Use of retrograde pyelogram to plan for miniature open incision in pediatric pyeloplasty

Amr K. Salama, Konrad M. Szymanski, Jessica Casey, Joshua Roth, Ben Whittam, Mark P. Cain

Research output: Contribution to journalArticle


Introduction: As robotic-assisted surgery becomes increasingly utilized for pediatric ureteropelvic junction (UPJ) obstruction, open surgeons have countered by using muscle-splitting, miniature (≤2 cm) incisions. To prepare for this type of incision during pyeloplasty, it is necessary to define the exact location of the UPJ. The use of retrograde pyelogram (RPG) at the time of pyeloplasty helps the surgeon to identify the exact location of UPJ, and thus be able to use a muscle-splitting, miniature incision for open pyeloplasty. Objective: We hypothesize that when performing a muscle-splitting, miniature incision open approach; preoperative RPG frequently changes the traditional pyeloplasty flank incision at the tip of the 11th or 12th rib. Materials & methods: A retrospective review of open pyeloplasties performed by a single surgeon at our institution from 7/1/2010 to 12/31/2018 was performed to determine rate of use of RPG, open pyeloplasty incision location and to determine what factors are predictive of incisional site. Results: 114 of 122 (93.4%) patients with 115 renal units had pyeloplasties with preoperative RPG performed. Of the 8 procedures without RPG, two had a pelvic kidney diagnosed prior to surgery, two had narrow ureteric orifices that were difficult to cannulate, and four had associated reflux. In 31/115 (27%) pyeloplasties the incision was changed from a standard incision position at the 11th or 12th rib to an alternative incision (i.e. extended muscle-transecting incision at the tip of the 11th or 12th rib, or to an alternate incision site including Gibson, McBurney's incision, or low anterior abdominal incision). 84/115 (73.0%) had a miniature (<2 cm) incision at the tip of the 11th or 12th rib. Grade IV hydronephrosis was a significant predictor for changing the traditional incision site (p = 0.02). Preoperative nephrostomy tube insertion was also associated with an increased likelihood of having an alternate incision (p = 0.04). Incision site was not significantly affected by age of the patient at surgery, patient sex, size of the affected kidney, T1/2 times of <30 min, split function of <30%, kidney length differential, or laterality. Conclusion: The consistent use of RPG prior to pyeloplasty helps surgeons to plan for a small muscle-splitting, miniature open incisions. In our experience, 27% of pyeloplasties required alternative incision sites based on the results of pre-operative RPG.[Formula presented]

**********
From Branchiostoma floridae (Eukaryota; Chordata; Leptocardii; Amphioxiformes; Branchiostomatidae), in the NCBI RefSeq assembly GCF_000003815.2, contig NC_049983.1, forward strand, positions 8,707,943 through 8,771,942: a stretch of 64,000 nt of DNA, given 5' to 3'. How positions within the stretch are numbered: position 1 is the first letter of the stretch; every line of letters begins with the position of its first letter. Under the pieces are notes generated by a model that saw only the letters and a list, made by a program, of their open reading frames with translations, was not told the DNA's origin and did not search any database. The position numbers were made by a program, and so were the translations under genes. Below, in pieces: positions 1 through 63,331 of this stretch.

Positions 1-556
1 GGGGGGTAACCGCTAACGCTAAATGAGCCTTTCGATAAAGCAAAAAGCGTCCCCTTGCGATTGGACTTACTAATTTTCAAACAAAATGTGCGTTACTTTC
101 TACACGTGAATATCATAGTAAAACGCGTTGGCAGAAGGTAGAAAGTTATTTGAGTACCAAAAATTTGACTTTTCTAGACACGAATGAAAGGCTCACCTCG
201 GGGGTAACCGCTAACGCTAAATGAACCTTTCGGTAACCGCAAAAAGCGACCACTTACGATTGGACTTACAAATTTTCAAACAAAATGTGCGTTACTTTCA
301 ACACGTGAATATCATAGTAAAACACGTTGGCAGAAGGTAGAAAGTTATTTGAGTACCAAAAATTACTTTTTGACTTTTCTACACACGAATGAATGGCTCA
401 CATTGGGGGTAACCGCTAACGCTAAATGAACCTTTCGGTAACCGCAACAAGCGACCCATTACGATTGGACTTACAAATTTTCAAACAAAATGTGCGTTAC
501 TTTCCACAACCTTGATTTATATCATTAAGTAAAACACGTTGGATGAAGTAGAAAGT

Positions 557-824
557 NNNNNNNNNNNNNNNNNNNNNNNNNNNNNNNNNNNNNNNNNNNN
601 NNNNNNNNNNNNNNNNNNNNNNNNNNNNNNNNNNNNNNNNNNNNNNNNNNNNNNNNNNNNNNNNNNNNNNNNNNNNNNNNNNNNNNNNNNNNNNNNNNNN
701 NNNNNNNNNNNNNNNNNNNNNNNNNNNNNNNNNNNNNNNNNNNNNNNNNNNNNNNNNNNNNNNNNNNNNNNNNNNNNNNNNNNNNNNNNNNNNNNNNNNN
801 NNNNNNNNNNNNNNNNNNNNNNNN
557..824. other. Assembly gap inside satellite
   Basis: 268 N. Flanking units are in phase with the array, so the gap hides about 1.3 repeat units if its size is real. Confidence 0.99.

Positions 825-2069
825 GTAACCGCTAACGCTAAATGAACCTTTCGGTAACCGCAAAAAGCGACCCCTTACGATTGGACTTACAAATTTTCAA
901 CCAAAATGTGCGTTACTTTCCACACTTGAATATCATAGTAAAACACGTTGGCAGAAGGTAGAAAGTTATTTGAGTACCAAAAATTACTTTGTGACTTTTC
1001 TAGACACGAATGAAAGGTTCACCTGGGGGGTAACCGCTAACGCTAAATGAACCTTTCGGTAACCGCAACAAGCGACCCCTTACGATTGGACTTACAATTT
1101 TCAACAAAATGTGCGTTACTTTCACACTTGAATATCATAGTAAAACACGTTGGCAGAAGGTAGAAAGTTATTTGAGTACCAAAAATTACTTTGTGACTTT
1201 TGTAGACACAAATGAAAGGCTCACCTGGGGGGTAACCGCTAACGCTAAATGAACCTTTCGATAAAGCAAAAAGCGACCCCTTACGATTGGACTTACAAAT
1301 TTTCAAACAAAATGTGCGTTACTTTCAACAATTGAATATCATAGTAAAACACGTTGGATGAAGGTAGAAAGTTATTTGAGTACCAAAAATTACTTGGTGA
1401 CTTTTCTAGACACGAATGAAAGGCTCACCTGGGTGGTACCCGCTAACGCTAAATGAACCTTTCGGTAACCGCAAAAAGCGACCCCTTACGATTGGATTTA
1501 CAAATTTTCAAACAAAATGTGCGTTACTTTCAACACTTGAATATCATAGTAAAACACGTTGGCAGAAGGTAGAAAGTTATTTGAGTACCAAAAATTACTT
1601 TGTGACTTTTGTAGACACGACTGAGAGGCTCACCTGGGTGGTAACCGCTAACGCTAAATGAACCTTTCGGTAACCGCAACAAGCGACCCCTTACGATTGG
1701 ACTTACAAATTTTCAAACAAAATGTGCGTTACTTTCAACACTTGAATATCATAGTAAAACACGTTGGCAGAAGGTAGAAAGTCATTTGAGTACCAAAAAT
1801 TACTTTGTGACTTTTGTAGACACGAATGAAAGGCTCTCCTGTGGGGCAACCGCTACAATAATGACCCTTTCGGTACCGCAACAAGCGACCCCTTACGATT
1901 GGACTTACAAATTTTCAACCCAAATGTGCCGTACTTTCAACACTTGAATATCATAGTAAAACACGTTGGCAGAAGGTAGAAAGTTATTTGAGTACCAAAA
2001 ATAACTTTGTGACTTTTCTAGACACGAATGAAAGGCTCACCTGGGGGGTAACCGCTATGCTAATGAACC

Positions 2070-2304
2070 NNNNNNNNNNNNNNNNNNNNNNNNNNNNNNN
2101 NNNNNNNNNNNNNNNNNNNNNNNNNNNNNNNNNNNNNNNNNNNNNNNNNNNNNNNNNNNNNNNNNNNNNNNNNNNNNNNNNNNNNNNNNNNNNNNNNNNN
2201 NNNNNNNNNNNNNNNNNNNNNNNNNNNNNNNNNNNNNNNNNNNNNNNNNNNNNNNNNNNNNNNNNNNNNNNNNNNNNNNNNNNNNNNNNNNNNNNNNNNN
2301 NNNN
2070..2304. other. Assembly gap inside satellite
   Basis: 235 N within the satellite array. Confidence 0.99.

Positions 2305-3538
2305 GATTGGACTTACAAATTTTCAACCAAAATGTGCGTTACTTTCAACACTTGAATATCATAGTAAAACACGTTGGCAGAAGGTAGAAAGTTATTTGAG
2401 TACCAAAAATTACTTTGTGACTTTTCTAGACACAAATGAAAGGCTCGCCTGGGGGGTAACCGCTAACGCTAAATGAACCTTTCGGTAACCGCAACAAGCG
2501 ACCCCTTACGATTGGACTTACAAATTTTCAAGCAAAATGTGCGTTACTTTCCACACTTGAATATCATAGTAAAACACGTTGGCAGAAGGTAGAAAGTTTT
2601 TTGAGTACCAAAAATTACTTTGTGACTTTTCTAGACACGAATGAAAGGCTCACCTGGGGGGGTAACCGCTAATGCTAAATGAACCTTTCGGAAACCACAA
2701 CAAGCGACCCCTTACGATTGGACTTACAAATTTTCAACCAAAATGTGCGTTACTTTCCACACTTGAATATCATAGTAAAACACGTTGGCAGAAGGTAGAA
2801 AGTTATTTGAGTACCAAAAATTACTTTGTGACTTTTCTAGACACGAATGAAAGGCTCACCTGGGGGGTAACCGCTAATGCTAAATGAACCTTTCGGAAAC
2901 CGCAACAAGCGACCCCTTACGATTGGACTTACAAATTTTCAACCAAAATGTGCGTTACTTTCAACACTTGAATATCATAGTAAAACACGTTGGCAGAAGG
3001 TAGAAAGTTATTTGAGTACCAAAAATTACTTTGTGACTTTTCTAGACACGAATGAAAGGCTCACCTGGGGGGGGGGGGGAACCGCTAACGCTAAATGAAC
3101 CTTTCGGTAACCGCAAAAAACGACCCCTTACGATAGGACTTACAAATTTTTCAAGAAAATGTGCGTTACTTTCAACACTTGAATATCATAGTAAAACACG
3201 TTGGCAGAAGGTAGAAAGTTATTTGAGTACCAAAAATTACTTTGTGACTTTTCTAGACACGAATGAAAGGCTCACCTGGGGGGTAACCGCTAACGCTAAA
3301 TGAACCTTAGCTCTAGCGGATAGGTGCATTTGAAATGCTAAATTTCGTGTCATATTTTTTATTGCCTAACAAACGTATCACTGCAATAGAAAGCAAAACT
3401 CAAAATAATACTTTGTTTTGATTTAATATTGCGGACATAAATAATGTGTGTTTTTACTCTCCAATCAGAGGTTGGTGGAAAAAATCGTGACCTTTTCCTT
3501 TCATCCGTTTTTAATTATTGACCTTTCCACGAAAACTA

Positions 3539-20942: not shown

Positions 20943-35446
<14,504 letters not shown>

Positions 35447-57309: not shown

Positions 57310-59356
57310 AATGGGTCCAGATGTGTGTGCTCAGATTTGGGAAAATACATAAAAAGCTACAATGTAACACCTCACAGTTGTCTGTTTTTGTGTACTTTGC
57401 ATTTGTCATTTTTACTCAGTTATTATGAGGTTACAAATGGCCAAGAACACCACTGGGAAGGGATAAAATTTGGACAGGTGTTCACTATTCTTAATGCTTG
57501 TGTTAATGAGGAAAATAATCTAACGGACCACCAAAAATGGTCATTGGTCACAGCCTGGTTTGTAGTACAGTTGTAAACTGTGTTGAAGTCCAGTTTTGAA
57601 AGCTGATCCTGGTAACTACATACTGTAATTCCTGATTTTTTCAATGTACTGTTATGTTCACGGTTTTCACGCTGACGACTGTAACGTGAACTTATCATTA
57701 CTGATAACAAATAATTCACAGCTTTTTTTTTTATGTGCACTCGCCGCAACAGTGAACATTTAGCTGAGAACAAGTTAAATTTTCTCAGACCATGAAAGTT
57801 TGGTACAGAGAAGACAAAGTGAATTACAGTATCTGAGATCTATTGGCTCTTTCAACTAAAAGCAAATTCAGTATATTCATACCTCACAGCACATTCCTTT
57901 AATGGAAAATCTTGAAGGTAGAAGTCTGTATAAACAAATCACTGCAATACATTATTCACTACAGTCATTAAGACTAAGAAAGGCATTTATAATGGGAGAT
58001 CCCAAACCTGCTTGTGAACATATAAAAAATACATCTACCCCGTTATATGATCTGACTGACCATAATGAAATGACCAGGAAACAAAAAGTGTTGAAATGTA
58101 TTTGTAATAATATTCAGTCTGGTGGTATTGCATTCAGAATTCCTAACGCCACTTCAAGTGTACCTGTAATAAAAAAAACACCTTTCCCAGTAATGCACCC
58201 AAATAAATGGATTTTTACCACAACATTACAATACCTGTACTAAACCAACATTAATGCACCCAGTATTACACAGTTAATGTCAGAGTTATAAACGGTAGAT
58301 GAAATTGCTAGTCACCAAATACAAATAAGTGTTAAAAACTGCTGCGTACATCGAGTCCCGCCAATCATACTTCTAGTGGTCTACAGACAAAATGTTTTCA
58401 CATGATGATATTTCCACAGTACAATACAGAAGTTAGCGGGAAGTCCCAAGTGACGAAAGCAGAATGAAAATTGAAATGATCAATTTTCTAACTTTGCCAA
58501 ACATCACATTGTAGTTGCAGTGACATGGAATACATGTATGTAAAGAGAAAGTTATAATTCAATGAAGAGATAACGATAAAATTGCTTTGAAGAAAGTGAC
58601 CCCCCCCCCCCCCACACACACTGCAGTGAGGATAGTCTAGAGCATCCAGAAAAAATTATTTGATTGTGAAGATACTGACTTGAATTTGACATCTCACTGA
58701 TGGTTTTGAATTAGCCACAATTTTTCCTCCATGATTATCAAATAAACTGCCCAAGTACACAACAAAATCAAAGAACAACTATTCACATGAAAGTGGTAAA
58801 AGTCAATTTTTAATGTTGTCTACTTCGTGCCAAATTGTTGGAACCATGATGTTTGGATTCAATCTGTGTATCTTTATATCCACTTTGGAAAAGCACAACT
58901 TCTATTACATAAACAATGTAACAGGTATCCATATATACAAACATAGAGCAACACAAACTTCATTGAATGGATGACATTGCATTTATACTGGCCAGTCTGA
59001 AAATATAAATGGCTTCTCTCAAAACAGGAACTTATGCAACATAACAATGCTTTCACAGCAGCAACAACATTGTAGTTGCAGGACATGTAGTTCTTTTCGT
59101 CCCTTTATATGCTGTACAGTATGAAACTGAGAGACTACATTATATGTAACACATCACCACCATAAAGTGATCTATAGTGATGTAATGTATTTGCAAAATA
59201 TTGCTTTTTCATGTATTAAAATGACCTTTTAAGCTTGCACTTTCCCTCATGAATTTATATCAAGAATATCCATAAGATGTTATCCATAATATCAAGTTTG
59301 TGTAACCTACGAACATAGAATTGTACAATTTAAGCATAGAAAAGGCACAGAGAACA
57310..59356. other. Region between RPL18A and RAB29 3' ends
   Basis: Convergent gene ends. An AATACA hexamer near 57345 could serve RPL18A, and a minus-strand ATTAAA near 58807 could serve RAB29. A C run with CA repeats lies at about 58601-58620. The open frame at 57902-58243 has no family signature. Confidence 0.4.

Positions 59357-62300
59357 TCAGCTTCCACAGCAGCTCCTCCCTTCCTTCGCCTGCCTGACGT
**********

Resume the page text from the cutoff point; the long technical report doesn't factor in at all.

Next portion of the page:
Original languageEnglish (US)
JournalJournal of Pediatric Urology
StateAccepted/In press - Jan 1 2020


  • Minimal incision
  • Pyeloplasty
  • Retrograde

ASJC Scopus subject areas

  • Pediatrics, Perinatology, and Child Health
  • Urology

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